The state Legislature advanced a constitutional amendment Wednesday aimed at facilitating early voting and more widespread use of absentee voting, but Senate President Therese Murray said the lengthy process is just one option available to supporters.
“ I would like to see it come through as legislation so it could be done sooner. A lot of people are disenfranchised, particularly people who live in my communities who travel to work sometimes north of Boston, leave before the polls open, and get home when the polls are closed,” said Murray, whose district includes Plymouth, Falmouth, and Sandwich.
Lawmakers meeting in a brief constitutional convention advanced the amendment allowing registered voters to cast ballots at polling places during the 10 days leading up to an election. The amendment would also allow any voter to request an absentee ballot.
According to the National Conference of State Legislatures, 32 states and the District of Columbia allow early voting. Twenty-seven states and the District of Columbia allow absentee votes for any reason.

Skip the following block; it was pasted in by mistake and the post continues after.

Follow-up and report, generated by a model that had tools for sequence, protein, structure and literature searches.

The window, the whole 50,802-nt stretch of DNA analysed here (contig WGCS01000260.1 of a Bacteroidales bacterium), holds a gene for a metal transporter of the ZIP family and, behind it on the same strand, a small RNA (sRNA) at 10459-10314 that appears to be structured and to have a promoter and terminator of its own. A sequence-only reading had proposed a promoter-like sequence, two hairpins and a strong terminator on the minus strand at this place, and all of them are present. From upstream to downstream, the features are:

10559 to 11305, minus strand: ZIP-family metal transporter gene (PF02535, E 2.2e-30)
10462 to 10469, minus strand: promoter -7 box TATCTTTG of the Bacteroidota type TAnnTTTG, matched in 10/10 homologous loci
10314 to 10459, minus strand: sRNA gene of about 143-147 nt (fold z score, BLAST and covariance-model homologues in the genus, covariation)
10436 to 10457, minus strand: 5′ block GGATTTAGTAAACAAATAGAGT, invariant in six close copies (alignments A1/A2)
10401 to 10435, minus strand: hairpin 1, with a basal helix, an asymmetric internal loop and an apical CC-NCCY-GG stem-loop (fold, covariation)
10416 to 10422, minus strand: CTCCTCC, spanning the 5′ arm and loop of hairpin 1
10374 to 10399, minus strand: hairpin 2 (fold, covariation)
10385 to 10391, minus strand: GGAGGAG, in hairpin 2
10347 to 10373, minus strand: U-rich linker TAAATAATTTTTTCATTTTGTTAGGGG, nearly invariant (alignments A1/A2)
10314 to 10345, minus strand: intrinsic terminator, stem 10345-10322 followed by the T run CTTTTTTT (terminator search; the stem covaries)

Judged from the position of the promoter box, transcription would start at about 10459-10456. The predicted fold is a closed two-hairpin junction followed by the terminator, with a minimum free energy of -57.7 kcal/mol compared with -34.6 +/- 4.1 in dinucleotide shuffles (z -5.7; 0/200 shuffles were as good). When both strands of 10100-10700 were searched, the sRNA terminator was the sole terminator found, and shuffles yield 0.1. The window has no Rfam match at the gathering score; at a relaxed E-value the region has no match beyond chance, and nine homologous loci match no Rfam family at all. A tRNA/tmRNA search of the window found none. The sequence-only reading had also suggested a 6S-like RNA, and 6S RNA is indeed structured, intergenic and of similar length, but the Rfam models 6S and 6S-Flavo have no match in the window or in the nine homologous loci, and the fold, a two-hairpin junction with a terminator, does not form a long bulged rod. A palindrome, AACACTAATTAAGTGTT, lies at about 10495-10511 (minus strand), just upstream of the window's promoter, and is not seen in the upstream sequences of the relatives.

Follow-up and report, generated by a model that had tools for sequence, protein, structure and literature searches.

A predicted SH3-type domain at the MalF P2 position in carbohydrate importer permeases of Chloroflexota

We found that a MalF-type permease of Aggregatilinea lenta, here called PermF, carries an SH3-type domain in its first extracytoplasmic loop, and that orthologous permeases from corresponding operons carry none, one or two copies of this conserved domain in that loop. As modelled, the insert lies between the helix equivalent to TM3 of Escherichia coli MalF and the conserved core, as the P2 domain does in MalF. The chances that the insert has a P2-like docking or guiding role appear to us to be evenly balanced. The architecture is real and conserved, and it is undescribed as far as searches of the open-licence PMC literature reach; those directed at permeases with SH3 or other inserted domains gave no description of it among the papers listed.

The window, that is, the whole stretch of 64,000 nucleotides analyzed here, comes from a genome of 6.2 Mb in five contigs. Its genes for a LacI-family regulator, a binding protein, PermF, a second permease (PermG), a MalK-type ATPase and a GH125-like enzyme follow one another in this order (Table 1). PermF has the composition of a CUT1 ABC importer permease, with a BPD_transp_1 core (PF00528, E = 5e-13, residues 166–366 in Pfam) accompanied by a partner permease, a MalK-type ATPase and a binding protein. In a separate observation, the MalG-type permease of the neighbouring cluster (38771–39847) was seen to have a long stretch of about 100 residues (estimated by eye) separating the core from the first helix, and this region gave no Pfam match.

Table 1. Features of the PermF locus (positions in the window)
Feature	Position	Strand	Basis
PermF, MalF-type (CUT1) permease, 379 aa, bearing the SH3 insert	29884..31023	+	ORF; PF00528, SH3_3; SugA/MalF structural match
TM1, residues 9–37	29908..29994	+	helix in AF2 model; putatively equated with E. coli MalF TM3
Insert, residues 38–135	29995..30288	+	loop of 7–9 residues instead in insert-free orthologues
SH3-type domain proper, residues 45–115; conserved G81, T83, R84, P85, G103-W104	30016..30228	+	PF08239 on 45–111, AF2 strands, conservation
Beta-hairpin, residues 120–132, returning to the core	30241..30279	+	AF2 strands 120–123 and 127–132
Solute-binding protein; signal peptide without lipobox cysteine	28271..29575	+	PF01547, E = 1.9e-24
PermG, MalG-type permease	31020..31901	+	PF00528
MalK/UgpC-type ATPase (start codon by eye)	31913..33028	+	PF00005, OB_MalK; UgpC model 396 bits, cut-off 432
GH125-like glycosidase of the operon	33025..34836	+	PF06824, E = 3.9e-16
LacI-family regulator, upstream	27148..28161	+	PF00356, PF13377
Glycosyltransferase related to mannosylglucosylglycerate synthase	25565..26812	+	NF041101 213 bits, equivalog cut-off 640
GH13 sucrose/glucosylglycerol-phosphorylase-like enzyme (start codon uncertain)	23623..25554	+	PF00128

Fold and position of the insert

The proposal was quickly advanced without debate before the convention recessed until March 12, 2014.
To take effect, constitutional amendments must be approved by two successive Legislatures and then by voters. The earliest such a plan could reach the ballot would be November 2016.
Massachusetts allows voters to cast absentee ballots if they will be absent from their community on Election Day, have a disability that prevents them from voting at the polls, or if they cannot vote at the polls due to religious beliefs.